Vocations in General

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Contemplative Life

By Sister Mary Francis Hone, OSC

  • Do you find yourself increasingly centering your life in God?
  • How do you want to use this one lifetime you have?
  • What do you hope to do for the world?

"The Catholic Church is indeed eager to act as is shown in its many ministries. At the same time she is no less devoted to contemplation."

Within the Archdiocese of Boston there are consecrated persons dedicated to contemplation of God. Their form of life ranges from traditional monastic life in community with varying degrees of solitude, to a balance of contemplative prayer along with a limited ministry.

Each has the foundation of an ordered life of prayer according to the original grace of the Holy Spirit received by its respective founder. Since the degree of union an individual has with God effects the entire collective consciousness, contemplatives deepen the mystical life of the Church and the world precisely through their personal growth in union with God. This being so, the gifts of the Spirit must still be actualized or social in their effects. So, what does the consecrated contemplative really, actively, concretely, yes, materially, do for the Church and humankind when they dedicate themselves to prayer? After all, faith without works is dead, isn't it?

In the economy of salvation consecrated contemplatives proclaim the reign of God by the commitment of their entire energies, physical, psychological and spiritual, to becoming more credible witnesses to Jesus’ own communion and never ceasing intercession with the Father. Through the primacy given to daily Eucharist and liturgical prayer they offer continual praise to God to whom they lift up the world in the nameof the entire ecclesial community, and intercede for the apostolic and missionary endeavors of all those who evangelize in a more direct manner in the field of the world. Of necessity, this level of dedication requires a centeredness that precludes other possibilities. This commitment in faith to the limitations of life in community demands continual personal growth in penance, service, self-giving, loving interaction and care for one another, and acceptance of every human frustration, struggle and pain. Joyful fidelity to this form of life is a graced sign of the reality of God’s Presence at a time when humanity thirsts for hope. Monasteries also offer a quiet space where people are welcome to fill their longing to spend time with the loving God who waits for them in the depths of their own hearts.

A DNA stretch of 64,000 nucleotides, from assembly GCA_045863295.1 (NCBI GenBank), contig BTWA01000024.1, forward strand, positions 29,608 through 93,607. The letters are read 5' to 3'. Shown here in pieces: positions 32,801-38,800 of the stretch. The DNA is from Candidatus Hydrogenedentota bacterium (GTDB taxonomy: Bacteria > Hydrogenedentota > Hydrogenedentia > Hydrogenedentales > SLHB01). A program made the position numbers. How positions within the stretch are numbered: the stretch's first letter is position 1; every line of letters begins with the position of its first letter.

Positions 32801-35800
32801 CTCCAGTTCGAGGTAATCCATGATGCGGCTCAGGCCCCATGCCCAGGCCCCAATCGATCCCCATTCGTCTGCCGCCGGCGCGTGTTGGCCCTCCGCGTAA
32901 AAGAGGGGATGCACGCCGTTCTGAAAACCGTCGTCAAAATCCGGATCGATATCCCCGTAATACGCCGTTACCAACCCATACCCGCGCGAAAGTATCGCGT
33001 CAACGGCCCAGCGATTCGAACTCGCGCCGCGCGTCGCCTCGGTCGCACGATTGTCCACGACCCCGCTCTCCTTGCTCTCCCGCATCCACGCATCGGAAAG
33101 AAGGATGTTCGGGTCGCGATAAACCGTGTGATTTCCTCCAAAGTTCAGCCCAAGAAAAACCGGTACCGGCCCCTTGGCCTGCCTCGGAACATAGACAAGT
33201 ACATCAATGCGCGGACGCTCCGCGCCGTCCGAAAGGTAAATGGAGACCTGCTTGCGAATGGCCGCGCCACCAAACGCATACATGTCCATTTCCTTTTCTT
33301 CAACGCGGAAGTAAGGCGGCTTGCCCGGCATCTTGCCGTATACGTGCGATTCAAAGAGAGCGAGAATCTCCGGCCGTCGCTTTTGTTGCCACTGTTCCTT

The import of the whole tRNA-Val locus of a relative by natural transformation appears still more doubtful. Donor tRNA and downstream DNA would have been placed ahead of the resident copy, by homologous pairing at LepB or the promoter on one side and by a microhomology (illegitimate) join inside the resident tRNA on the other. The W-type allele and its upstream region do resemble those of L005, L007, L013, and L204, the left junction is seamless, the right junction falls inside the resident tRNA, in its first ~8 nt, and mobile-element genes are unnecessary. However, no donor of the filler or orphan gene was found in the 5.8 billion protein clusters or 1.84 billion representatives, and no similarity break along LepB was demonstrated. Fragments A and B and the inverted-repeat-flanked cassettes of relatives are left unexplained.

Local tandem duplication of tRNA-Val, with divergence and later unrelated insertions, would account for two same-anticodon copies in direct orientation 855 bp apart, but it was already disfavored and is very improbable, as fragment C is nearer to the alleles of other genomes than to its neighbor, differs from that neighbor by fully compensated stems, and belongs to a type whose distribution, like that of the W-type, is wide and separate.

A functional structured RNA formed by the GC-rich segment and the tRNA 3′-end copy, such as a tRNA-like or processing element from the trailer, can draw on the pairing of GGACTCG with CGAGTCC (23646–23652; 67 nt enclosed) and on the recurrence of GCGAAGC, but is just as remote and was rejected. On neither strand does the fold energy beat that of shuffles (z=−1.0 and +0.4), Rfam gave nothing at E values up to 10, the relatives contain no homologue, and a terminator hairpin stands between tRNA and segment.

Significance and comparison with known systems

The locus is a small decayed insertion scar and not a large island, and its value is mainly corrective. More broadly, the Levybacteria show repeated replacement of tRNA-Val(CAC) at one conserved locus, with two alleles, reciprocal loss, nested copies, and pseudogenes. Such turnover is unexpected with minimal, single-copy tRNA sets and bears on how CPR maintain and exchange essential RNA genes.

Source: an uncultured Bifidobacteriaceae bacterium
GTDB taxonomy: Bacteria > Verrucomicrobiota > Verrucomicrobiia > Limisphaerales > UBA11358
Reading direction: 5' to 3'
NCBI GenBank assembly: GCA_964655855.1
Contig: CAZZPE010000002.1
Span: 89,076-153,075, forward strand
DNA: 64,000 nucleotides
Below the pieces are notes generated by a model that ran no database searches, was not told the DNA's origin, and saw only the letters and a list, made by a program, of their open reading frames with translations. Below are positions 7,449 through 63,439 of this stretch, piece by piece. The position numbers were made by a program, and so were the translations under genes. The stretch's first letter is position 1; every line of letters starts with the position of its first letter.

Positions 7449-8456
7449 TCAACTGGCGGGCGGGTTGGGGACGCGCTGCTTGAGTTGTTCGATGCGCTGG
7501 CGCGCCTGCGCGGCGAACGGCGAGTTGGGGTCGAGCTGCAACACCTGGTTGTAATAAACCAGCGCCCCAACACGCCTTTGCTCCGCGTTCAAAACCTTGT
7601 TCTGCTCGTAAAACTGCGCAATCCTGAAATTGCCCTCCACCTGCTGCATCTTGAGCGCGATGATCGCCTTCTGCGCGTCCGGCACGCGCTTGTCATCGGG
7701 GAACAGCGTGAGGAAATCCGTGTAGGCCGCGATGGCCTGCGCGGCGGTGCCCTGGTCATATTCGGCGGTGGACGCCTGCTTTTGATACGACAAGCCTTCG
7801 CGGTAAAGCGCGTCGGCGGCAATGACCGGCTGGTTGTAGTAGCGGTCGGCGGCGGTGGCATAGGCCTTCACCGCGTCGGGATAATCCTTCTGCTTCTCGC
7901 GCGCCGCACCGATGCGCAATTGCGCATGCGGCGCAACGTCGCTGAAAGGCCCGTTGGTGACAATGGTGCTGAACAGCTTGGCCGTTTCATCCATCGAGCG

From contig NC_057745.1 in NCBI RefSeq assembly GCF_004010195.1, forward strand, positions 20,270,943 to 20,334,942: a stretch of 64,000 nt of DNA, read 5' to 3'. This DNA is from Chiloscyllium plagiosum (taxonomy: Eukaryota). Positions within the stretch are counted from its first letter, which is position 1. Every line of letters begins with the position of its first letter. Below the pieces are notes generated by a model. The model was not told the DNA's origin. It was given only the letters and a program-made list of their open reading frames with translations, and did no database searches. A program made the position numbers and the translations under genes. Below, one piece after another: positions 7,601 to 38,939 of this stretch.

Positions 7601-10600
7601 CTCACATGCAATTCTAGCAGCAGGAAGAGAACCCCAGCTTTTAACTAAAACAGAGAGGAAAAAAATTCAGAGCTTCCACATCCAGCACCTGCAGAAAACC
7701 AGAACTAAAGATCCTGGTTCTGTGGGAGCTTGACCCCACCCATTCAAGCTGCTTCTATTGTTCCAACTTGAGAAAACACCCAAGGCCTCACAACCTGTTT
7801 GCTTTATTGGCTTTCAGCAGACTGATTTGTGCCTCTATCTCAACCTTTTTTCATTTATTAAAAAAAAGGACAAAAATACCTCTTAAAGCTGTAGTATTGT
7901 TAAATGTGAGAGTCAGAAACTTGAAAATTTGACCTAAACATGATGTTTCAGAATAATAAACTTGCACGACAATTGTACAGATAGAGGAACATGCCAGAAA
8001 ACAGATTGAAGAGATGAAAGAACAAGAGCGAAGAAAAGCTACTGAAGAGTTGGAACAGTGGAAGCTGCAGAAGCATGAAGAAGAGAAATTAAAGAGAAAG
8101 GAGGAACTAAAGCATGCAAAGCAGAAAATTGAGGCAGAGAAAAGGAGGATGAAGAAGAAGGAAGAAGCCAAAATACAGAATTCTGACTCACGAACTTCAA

In discerning a call to a contemplative form of life you might try answering questions the questions at the beginning of this message.

  • How do you want to use this one lifetime you have?
  • What do you hope to do for the world?
  • Do you find yourself increasingly centering your life in God?